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HomeBlogIt's getting hot in here: how to lower humidity in your snake habitat

It's getting hot in here: how to lower humidity in your snake habitat

Eastern garter snake babies

Humidity is often a concern with keeping reptiles, but often, the problem is getting and keeping humidity high enough. At times, though, there can be difficulty in keeping the humidity low enough. For snakes in particular, humidity that is too high can lead to scale rot (a bacterial infection which can lead to death if left untreated); therefore, it's important to make sure the humidity is in an optical range for your specific species.

To begin with, it's always important to do your research prior to owning any animal; different snakes will have different requirements. It's best to mimic your snake's natural habitat as closely as possible, and they all live in varying microclimates.

What is Humidity?

Humidity is defined as the amount of water vapor in the air. The amount of moisture in your snake's enclosure is determined by a combination of temperature, ventilation, and the amount of water vapor in the air.

Snakes usually live in a more humid, warmer environment. The natural moisture in the air helps their skin and respiratory tract to stay moist. It is best to mimic their natural habitat as closely as possible.

The easiest way to measure humidity is by using either an analog or digital hygrometer. If you are using a hygrometer with a probe, a good way to measure is to place the probe where your snake spends most of its time (on the substrate, tree branches, ets.)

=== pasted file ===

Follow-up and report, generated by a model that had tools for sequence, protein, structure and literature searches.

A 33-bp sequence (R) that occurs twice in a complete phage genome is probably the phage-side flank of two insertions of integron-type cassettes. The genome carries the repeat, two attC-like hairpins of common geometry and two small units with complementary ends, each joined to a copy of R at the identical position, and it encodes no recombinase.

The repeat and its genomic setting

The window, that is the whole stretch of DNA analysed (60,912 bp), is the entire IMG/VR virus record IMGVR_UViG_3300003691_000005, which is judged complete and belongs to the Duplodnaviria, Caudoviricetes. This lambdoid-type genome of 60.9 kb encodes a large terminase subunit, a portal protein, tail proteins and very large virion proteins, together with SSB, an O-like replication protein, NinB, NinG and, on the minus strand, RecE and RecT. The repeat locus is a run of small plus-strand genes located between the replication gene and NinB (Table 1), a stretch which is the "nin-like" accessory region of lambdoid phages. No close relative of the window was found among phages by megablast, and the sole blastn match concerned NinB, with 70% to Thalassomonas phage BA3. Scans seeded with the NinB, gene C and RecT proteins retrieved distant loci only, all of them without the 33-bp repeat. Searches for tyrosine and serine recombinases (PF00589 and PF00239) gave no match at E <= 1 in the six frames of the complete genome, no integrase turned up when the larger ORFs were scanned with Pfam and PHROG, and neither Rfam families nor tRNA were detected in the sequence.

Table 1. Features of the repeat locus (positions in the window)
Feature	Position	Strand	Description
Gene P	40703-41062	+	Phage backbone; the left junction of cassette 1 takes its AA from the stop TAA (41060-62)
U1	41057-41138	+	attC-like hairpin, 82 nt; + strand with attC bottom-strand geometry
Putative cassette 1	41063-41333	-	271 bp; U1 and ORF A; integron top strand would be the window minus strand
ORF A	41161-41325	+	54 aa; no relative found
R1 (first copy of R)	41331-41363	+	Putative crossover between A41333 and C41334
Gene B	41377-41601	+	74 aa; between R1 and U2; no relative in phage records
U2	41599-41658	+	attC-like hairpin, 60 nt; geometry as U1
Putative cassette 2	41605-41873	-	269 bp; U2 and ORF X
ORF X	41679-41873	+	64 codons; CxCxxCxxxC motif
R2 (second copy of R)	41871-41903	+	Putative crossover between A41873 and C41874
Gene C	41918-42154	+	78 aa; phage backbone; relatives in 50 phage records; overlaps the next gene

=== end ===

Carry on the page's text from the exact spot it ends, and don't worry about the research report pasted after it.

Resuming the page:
Steps for Lowering Humidity

Luckily, if you're finding that your humidity needs to be lowered, there are a few ways in which you can achieve this:

  1. Increase the ventilation in your enclosure. This may entail replacing a glass lid with a screen or partial screen lid, drilling holes in a plastic tub, etc.
  2. Replace the water dish with a smaller one and/or move it to one end of the enclosure. Keeping the water dish on one end will also help with keeping a temperature gradient available to your snake(s); the dish should be placed on the cooler end.
  3. Add a dehumidifier. If you live in an area where humidity in your home might be naturally higher or you are struggling mightily with getting the humidity correct, you may want to consider a dehumidifer. You will need to keep an eye on the humidity levels while it is operating and turn it off appropriately, of course, but there are some smaller dehumidifiers made for reptile habitats.
  4. Look for a drier, more moisture-absorbing substrate. Some substrates will naturally retain more moisture and, therefore, maintain a higher humidity in the snake's enclosure. Drier substrate will soak up more moisture and help keep humidity lower.
  5. Replace a plastic enclosure with a glass one, as plastic will hold humidity more than glass will.
  6. If you're using a heat mat, you may want to consider switching to a ceramic heat emitter or heat bulb. This will help dry the air from above; a heat mat on the bottom will encourage any moisture on the bottom to evaporate and can increase humidity.

As stated previously, the best thing to do is plenty of research and knowing a snake's individual needs before purchasing, which allows you to set up an enclosure in advance and make any necessary adjustments before possibly subjecting your pet to an incorrect temperature or humidity level.

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